“I didn’t see that coming” is a common phrase said by someone who has been completely blind-sided by the unexpected. In this case, the unanticipated loss of something cherished. It is the mental, psychological and emotional energy created from this loss that forcefully thrusts us into a tailspin of thoughts and emotions we would rather not think and feel!
As humans, we operate as though life is predicable, never thinking that at any moment there could be a huge interruption in it that informs us otherwise. But, what’s really so is this; life is made up of a series of many random events that we have very little conscious control over. Sometimes we go for long periods of time without one unpleasant experience, then… something happens… and maybe we experience a long string of them.
I remember, as a 26 year-old, being hit with the shocking news that I had a brain tumor! “How could that be?” I thought. After a painstaking surgery and tedious recovery, I remember myself proudly saying to someone, “Well, that was a huge thing for someone so young to go through. The odds of something that bad happening again in my life are now quite remote!”… as if life actually cared enough to keep track of the odds!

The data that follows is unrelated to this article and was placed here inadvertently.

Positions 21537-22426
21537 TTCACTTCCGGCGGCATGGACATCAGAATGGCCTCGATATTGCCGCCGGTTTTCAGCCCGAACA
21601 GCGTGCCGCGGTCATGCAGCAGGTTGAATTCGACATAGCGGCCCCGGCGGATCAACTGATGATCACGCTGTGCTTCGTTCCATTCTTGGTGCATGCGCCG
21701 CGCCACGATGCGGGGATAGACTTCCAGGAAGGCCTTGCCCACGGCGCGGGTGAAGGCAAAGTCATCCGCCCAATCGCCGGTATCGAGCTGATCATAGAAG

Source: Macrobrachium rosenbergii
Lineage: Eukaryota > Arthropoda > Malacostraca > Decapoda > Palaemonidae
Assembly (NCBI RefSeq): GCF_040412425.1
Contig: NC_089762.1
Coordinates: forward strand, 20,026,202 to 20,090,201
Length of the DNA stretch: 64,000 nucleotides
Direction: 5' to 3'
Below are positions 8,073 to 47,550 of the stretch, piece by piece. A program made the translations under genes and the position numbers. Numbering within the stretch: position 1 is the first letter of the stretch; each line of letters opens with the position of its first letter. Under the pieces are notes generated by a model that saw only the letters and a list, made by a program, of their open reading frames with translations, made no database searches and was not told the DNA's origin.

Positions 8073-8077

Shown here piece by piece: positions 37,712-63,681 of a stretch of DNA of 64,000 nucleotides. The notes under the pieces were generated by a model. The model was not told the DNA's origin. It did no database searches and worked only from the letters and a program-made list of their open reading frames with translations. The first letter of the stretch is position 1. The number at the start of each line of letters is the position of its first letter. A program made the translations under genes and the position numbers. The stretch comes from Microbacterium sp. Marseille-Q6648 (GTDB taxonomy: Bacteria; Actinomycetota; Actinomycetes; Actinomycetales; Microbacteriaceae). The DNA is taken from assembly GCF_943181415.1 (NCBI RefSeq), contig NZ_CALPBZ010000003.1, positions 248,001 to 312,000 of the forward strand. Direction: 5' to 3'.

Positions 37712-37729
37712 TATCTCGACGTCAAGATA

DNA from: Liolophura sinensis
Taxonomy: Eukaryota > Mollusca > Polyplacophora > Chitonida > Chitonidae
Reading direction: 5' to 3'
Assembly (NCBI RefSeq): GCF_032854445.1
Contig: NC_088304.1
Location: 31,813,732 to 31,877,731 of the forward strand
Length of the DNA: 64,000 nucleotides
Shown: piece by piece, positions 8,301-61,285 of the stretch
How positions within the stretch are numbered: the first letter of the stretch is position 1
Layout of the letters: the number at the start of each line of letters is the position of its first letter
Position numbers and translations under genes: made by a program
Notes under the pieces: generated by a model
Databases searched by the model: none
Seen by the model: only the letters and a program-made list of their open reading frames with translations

Of course, despite my confident declaration, I still continued to experience the occasional unexpected “bad” happenings in life, just the same.
But regardless of the odds or degree of “bad” experienced, all loss, however slight or traumatic, is followed by grief to some degree or another. There are many ideas in the world about the grief process; some say there are five stages, others say there are seven stages, and I even found another who said there were eleven stages of the grief process. But, no matter how many actually stages can be distinguished and identified, I have found that, no matter how you slice it, there are really only two true phases when it comes to loss… resistance and acceptance.
Jumps, flips and everything in between are in this edition of Epic or Fail.
We say that, and this site is dedicated to showing it too. Stories that end with that punch line, graphics or Memes, and the ubiquitous YouTube videos all illustrate that phrase. Coming soon. Here.